Campus food after dark
Late Night at True Grit's always attracts a long line of residential students at UMBC. Photo by Kristina Soetje.

Campus food after dark

It is 10:30 p.m. on a Thursday night and all Joshua Bell, a junior biochemistry major, can think about is heading to Late Night at True Grits for a cheeseburger and fries. For many students on campus, Late Night at True Grit’s is both a convenient meal option and a time to meet up with friends. The program, which offers an expansive menu from 9 p.m. until 2 a.m. Monday through Friday at True Grit’s, is one of the only places to get hot food after 7:30 p.m. on campus.

As beloved as Late Night is to many a beleaguered student, many students feel that the program could better serve their needs. Moaz Hassanin, a junior chemistry major, feels that “late night could be open at, like, 8 p.m.,” because 8 p.m. is the time at which the late night meal period begins. Currently, the only dining options available at 8 p.m. are Salsarita’s and the True Grit’s Outtakes which primarily sells prepackaged foods.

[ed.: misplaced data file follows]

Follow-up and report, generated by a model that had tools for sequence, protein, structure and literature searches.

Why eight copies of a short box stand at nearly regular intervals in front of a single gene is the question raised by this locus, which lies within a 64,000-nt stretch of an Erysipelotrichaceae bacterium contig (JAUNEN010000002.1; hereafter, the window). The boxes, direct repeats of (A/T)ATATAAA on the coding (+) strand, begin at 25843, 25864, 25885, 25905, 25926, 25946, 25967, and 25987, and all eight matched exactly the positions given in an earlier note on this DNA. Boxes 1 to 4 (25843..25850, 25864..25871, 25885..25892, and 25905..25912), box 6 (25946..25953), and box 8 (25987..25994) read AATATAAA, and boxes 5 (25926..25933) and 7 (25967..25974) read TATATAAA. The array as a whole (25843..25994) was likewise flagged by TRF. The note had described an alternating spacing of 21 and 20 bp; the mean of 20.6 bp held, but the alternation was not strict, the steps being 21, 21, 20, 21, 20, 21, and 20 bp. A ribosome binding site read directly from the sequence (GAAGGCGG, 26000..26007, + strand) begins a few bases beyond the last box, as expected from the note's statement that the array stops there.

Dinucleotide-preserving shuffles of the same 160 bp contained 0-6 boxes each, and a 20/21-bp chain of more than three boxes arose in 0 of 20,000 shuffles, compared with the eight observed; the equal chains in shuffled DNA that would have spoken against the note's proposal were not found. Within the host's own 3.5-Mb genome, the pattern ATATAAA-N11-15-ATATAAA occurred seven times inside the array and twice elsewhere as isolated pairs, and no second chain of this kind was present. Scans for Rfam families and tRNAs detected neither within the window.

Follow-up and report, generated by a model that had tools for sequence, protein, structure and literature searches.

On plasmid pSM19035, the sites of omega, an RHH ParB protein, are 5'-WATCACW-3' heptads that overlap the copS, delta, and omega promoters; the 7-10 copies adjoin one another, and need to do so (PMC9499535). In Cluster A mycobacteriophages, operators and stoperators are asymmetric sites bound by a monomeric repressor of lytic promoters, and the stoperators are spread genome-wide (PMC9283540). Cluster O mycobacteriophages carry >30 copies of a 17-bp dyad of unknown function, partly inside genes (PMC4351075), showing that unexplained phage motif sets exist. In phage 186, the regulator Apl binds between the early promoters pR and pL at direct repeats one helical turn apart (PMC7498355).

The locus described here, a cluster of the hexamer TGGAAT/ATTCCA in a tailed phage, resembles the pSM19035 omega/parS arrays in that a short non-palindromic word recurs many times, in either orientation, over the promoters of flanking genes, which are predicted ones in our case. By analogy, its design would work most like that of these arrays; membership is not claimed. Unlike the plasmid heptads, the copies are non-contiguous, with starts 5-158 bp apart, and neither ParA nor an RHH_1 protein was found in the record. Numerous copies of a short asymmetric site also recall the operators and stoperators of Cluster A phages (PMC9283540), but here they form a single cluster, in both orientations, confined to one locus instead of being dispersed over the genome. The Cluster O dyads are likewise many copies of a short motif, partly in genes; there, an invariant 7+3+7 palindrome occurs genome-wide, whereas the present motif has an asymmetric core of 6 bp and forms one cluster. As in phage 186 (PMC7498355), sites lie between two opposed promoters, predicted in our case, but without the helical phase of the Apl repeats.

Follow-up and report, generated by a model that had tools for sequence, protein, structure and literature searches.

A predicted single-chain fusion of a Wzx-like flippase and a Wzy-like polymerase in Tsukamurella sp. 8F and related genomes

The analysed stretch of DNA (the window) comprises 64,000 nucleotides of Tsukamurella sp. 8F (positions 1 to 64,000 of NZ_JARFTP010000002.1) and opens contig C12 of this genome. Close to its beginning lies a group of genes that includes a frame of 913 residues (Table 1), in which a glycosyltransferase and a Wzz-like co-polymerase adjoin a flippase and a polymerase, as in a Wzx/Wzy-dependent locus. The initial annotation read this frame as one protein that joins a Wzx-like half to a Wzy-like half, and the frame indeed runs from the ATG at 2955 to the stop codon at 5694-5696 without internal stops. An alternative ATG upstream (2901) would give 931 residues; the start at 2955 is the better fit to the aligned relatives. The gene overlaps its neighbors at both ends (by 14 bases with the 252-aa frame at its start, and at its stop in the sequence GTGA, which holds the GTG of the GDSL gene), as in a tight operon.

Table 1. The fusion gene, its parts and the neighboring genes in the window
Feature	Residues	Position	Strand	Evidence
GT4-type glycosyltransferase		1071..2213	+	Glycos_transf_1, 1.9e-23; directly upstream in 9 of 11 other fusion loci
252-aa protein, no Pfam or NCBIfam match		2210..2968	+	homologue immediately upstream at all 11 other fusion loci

Beyond that, some students take exception to the lack of nutritional options at Late Night and Outtakes. Junior political science major Jacquilyn Johnson said, “Pretty much everything at Late Night is fried, which is hardly healthy.” She added, “The salads are $6 and way more expensive than the other options.” On the other hand, junior psychology major Christina Paul commented that “the food at Late Night is good when you are up late studying.” She says the Late Night options are “comfort food.”

Some students feel that while the food at Late Night is good, the hours of operation are lacking. “I wish they were open on more weekends,” said Lisa Hong, a junior biochemistry major. She added, “It would be nice to have another option besides D. Hall and Salsarita’s on the weekends.” The lack of weekend hours has been a constant complaint from students who live on campus. In response, the Late Night program has been expanded to be open one weekend a month. But not everyone feels that it is enough.

“It’s like the campus keeps forgetting people live here on the weekends too,” Johnson said. UMBC has often been considered a commuter school and the lack of weekend dining options plays no small role in this perception. Many students have raised the point that the limited dining options on the weekends are part of the reason they do not stay on campus. Perhaps by expanding the Late Night program, UMBC could give students a reason to stay the weekend by giving them more of what they already want: a time to catch up with friends while eating chicken tenders.